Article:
If you read the mainstream media, retail is dying. Recently IHL released an updated research report titled Retail’s Renaissance – A Growth Story demonstrating the exact opposite (webinar and report can be found here).
Simply stated, the mainstream media claims that retailers are closing all their stores, that online retailing is taking over the world, and it’s the end-of-retail-as-we-know-it. While such a narrative can be great for clicks and pageviews, it simply does not stand up to the scrutiny that hard data can bring. Long story short, retail overall is healthy, but some specific retailers have some serious problems and there are issues in C&D malls, and innovation related to customer behavior is making the store more important than ever.
The irony about the whole retail apocalypse narrative is that while most of the mainstream press has focused on the negative and sensational, they have completely missed a huge story. The truth is that since January 2017, the US retail industry has increased sales by $565.7 billion. That’s about the total retail sales in the US from 1975, the year I graduated high school. At the same time, retail has also added a net 8,575 stores, and both the retail sales and increases in store counts add up to a very healthy industry.
For our research, we used our Sophia Data Service to identify 1,660 retail chains (parents and banners) from nine separate retail segments in the US market. These chains all have 50 or more stores, with the following exceptions:
- Banners (with less than 50 stores) of parent companies that have more than 50 stores.
- Pure-play e-commerce retailers who are growing their brick-and-mortar presence quickly.
- Legal Marijuana / CBD retailers who are growing their store counts as well.
Of the nine retail segments we reviewed, seven showed an increase of stores in 2019 over 2018 levels, with the final tally showing 1,065 chains reporting increases in store counts for 2019. The two segments reporting declines in store counts, namely Department Stores and Specialty Softgoods (apparel and shoes), have done so for the past handful of years.
The fact that retail overall is doing well does not mean that all retailers are doing well. Unfortunately, this is where most retail stories have focused. Just 20 companies represent 75% of all net closings for 2019, a figure that is up dramatically from the 53% we saw in 2018. In fact, it is clear that 2018 was a peak for companies who decided to close stores and 2019 is a year of growth for most retailers.
Some Key Results from the Research
- In 2018, 675 retailers showed an increase in stores. For 2019, this increased 56% to 1,065 chains.
- Chains closing stores peaked in 2018 at 612 chains. This dropped 66% to 206 chains for 2019.
- For 2019, retailers have announced 2,965 more openings than closings.
- Since January 2017, Department and Specialty Stores have closed a net 9,651 stores. All other segments combined for a net increase of 18,226 stores.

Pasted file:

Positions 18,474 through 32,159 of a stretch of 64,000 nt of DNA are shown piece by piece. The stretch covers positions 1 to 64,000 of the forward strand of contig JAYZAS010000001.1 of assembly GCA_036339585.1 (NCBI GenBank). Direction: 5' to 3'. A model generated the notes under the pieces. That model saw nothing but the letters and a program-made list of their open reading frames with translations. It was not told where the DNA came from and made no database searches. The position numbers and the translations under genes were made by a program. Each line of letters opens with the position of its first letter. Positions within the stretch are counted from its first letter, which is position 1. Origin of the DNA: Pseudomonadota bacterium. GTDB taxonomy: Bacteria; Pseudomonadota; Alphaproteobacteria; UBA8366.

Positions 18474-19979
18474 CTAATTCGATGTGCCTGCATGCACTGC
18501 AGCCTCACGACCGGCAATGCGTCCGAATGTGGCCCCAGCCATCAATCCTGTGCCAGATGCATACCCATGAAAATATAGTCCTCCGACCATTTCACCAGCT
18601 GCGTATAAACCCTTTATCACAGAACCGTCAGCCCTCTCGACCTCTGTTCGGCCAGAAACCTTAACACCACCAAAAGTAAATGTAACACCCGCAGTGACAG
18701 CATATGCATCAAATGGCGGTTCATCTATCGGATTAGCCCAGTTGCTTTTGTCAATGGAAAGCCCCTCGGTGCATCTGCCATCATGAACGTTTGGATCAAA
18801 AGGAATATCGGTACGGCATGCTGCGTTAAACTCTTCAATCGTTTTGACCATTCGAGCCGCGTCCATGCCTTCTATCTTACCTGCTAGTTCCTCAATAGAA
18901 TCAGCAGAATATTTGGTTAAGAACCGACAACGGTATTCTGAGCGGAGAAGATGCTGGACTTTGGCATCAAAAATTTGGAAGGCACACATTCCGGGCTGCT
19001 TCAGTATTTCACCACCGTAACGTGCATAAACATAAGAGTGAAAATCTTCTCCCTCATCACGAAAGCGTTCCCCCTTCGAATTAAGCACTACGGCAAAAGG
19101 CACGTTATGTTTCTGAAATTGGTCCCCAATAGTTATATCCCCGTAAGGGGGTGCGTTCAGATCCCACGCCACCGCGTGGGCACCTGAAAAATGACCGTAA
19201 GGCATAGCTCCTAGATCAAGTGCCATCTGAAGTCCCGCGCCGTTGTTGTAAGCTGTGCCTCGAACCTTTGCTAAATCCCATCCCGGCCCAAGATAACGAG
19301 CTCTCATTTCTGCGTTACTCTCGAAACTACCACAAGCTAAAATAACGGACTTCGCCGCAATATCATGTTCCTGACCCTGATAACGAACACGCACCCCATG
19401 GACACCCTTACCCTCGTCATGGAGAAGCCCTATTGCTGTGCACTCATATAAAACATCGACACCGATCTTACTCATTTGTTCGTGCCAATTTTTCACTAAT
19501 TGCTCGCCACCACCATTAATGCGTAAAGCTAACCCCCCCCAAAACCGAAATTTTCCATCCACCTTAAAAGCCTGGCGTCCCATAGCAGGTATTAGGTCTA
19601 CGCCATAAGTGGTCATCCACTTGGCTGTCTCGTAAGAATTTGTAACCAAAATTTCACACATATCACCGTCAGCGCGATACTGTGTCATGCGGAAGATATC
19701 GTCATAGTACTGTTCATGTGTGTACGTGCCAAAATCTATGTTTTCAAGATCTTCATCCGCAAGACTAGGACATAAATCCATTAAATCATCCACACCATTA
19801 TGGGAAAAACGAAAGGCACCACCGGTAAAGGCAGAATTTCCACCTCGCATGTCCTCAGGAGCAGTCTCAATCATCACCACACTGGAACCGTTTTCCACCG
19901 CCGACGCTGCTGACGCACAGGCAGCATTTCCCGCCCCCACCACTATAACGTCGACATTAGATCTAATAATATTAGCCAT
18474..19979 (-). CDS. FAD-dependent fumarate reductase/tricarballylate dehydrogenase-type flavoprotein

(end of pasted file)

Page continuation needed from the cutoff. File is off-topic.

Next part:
- For every chain with a net closing of stores, +5.2 chains are opening stores overall.
- Food/Drug/Convenience/Mass Merchants +9.5 stores opening for every chain closing
- Apparel/Hardgoods/Department Stores +3.7
- Restaurants (Fast Food and Table Services) +6.3
Retail is healthy overall, but there are those individual retailers that are in trouble, and they are limited to a relatively small percentage of the overall population. In fact, there are tell-tale signs of retailers who are struggling or gone bankrupt. Most specifically, the companies are leveraged by too much debt for overexpansion (often by shortsighted private equity). For instance, the tale of a company like Toys R’ Us was that it was leveraged with $7 billion worth of debt. This tale has been repeated over and over with Wet Seal, Limited Stores, and others
The mainstream media has focused almost exclusively on those retailers in trouble and has used their situations as a proxy for all of retail. To that we say “Nonsense!”. The data does not support the headlines.
Also an important thing to keep in mind is even good retailers close stores each year. Reviewing each store in one’s chain on a regular basis enables underperforming stores to be identified and dealt with (invest vs. close).
To avoid being a part of the small percentage of retailers that are in dire trouble, IHL recommends the following:
- Review your business model regularly to account for changes in demographics, consumer behavior and technology.
- Keep your debt under control in order to maintain flexibility to respond to changes in the market.
- Keep your store counts within sustainable levels. Don’t build it simply because the mall is there.
- Mind your stores and fix your out-of-stock problems. Consumers shop stores because they need products now or need more information / experience. You must be in-stock or you will lose those customers for good.
Retail does not have a systemic overall problem, it has a specific retailer problem. The positives are everywhere, the challenges specific and focused. Without question there are many challenges for retailers today, but overall the state of the retail industry is strong.